Yesterday I spotted single yellow leaf waving on the tree outside my front door. Today there were two.
Ready or not fall is coming.
New seasons bring with them new goals, new schedules, new rhythms, new to-do lists. The gusts of frenzied wind is not only outside our windows. We pat down our wind blown hair and hold on to our composure and hope that somehow all our efforts at order and success will be fruitful.
We have lists a mile long. Deadlines for big projects. Household tasks that never seem to end. Sports practices and music rehearsals to attend. Self-improvement goals. Resolutions and chores and meetings and seminars and trips and … and…
Somewhere, in the unnoticed clenched jaw, in the slight unease in the back corner of our heart, we are all thinking one thing.
I hope the work ahead of me matters.
I hope that the things that I am devoting my time, my energy, MY LIFE to – I hope that they matter.
We’ve all done things that have felt worthless. We’ve had pursuits were in vain, spent time that was wasted, devoted time to something that was meaningless. And its left us scared silly that, at the end of the day, our hours of toil will be nothing but noise. A resounding gong echoing in a dark void. A cymbal, clanging loudly in an abandoned room.
So at the start of this new season, this new semester, this new school year, we’re all hoping that the things that we’ve jotted down in our bullet journals and the items we’ve added to in our calendars and the jobs we’ve committed ourselves to will mean something in the grand scheme of this crazy world.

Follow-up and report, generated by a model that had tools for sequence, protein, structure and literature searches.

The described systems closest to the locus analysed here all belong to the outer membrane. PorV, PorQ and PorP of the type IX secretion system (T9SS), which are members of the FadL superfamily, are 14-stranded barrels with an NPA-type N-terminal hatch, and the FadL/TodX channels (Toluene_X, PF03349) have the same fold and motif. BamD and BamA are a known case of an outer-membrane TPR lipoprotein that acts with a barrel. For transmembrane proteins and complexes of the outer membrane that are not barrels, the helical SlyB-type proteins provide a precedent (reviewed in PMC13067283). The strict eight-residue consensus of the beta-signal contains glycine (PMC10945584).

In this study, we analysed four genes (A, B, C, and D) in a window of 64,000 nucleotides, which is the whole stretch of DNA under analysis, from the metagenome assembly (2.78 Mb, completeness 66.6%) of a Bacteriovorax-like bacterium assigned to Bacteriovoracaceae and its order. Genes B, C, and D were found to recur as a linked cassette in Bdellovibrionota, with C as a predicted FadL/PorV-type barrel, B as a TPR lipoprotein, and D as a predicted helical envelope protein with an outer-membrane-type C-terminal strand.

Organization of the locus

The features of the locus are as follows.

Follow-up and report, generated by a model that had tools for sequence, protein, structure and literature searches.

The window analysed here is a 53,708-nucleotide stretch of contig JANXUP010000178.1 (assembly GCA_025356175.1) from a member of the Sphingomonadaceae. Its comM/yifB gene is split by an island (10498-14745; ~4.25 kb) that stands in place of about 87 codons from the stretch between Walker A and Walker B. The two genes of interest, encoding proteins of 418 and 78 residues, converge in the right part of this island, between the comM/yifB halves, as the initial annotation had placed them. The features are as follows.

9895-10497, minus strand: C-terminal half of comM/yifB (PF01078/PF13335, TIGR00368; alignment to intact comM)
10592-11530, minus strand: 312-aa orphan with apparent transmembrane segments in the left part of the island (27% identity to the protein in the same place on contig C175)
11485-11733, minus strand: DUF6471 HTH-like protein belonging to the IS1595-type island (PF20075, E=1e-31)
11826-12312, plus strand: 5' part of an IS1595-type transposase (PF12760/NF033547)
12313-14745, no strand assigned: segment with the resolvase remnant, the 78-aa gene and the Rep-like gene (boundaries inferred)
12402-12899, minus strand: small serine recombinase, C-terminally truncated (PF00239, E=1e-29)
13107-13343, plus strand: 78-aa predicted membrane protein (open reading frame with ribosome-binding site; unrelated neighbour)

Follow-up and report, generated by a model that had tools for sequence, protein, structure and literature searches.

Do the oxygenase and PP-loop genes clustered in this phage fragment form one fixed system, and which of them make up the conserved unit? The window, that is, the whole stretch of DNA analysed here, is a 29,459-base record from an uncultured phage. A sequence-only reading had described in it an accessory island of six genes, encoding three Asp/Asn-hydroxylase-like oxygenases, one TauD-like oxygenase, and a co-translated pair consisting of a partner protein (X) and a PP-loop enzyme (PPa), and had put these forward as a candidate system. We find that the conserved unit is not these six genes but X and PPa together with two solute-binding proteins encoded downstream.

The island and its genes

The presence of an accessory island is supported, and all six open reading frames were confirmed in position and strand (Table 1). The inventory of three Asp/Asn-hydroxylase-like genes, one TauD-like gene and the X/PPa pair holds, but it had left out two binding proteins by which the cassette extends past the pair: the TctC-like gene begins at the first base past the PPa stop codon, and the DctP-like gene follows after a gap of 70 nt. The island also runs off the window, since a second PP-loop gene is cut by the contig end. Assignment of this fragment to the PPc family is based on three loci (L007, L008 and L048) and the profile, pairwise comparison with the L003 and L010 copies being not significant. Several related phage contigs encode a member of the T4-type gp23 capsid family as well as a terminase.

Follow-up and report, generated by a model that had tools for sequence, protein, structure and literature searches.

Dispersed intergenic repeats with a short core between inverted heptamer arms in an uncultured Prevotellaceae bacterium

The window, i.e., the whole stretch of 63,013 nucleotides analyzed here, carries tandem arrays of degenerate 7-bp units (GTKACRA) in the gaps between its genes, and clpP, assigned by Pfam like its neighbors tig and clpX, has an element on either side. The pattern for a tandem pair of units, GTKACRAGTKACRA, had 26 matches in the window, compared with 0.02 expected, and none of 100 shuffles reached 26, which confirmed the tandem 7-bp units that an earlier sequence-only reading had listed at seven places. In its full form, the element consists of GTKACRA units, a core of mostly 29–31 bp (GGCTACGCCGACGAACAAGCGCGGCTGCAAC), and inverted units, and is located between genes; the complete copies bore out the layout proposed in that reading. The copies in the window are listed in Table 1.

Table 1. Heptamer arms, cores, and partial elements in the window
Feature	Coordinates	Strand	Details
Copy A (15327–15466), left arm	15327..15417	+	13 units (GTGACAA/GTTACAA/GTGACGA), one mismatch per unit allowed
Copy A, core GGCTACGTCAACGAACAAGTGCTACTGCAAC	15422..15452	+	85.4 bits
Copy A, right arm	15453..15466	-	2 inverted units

There was a group of people in Corinth a few thousand years ago that wondered the same thing. They were pursuing big things, things that sounded impressive, that would have looked good on a resume, that made them important. They wanted their words to be dripping in eloquence and potency. They wanted to have great knowledge and an audience that would listen to and respect them. They wanted to change the world, extravagantly giving away money and perhaps even dying for a cause.
They were told they could do all this, they could pursue and posses the greatest abilities they could imagine. But there was one thing that, if lacking, would nullify all their wildest dreams and ambitious pursuits.
Love was the only thing that would make their work matter. And it is the only thing that makes our work matter.
We can achieve every goal on our to-do list. We can accomplish all the tasks expected of us. We can go further and do more than anyone would have thought possible. We can be bestsellers, we can become CEOs or presidents, we can be world changers. We can even die. But without love we are nothing.
Love is patient and kind; love does not envy or boast; it is not arrogant or rude. It does not insist on its own way; it is not irritable or resentful; it does not rejoice at wrongdoing, but rejoices with the truth. Love bears all things, believes all things, hopes all things, endures all things.
Take another look at your plans for the fall. Are they about accomplishing more and moving further up a ladder, or is it about lavishly, generously, outrageously loving the people in your life?
So, no matter what I say, what I believe, and what I do, I’m bankrupt without love.